We don’t think about the items we toss into the trash can or recycling bin. We figure someone else will haul them away, never to be seen again. But many of those used-once, non-biodegradable items can linger in our landfills, not breaking down for hundreds or even thousands of years…if ever.

As professional junk haulers, 123JUNK must be knowledgeable about Environmental Protection Agency (EPA) regulations, the types of items we haul, and their impact on our ecosystem and environment. We don’t just take everything to the landfill and dump it off. We make a conscious effort with each pickup to cull through and remove items that can—and should—be recycled and deliver them to the proper recycling centers located throughout our region.

More harmful items that don’t break down in landfills:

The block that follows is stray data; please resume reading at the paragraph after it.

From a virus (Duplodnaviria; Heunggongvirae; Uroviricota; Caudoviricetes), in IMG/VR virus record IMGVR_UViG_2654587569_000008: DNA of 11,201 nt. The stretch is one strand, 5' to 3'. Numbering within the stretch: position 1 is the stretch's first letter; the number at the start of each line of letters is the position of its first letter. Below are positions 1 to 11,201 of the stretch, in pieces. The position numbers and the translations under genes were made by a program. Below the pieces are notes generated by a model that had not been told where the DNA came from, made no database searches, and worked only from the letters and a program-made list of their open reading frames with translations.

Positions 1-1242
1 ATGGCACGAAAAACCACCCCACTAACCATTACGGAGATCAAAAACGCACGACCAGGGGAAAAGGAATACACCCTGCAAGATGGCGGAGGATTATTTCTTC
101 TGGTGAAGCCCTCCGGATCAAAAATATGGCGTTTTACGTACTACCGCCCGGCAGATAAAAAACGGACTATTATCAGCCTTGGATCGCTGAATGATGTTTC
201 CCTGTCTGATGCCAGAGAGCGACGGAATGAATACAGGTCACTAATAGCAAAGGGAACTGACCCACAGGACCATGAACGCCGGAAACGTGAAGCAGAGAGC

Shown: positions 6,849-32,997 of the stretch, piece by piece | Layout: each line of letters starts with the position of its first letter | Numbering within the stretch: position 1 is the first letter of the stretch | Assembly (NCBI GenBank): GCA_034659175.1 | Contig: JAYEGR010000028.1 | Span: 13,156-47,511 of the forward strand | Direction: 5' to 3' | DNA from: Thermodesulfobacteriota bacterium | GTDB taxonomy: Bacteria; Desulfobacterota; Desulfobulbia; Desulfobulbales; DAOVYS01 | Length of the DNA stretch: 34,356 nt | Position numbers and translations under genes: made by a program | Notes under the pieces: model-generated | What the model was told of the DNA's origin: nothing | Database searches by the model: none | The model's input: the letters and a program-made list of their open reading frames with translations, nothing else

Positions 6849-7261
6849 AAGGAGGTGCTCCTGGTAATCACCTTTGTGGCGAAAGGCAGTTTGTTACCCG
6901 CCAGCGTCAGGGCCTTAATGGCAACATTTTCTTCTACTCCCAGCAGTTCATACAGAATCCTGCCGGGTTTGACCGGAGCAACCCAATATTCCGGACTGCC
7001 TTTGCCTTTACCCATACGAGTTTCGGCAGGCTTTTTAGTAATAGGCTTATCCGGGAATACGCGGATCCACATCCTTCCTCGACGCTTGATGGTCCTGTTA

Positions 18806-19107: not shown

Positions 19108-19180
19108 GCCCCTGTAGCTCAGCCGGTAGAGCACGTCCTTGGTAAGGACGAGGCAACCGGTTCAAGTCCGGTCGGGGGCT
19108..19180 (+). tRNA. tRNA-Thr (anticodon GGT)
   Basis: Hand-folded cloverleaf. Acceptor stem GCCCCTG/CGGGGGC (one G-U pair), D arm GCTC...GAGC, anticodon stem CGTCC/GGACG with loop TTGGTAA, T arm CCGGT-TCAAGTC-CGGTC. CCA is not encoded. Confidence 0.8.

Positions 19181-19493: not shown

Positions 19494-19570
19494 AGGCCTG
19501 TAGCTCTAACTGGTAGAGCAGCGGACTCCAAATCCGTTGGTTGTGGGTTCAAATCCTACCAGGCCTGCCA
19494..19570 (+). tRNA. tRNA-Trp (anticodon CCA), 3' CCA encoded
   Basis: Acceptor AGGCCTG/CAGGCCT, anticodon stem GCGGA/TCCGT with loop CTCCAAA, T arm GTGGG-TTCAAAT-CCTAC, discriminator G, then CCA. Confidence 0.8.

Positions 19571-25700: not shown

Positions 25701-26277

Plastic Bottles

Because plastic bottles are designed to hold liquids, they also are designed to keep other elements out, which can prevent them from being broken down by the very microorganisms that facilitate decomposition. Eventually, say in about 500 years, they may break up into smaller pieces, but they will never break down.

Glass Bottles

Similarly, glass bottles are also designed to resist penetration by liquids or organisms. Since they are made of up silica, just like sand, they are resistant to breaking down. Some say they could take up to a million years to biodegrade, but nobody’s been around long enough to measure.

Plastic Bags

Grocery bags and sandwich bags that end up in the landfill can take up to 1,000 years to break down. An even larger problem is the issue they post with wildlife. Birds and animals are attracted to food or odors left by foods in the bags and chew into or swallow the plastic bags, which wreaks havoc with their digestive systems and can prove fatal. Washing out and reusing plastic bags is one way to help recycle.

Aluminum Cans

Even aluminum can take between 80 and 200 years to break down in a landfill. Metals, like tin cans, will eventually rust and flake apart, but are not biodegradable because microorganisms do not feed on metal.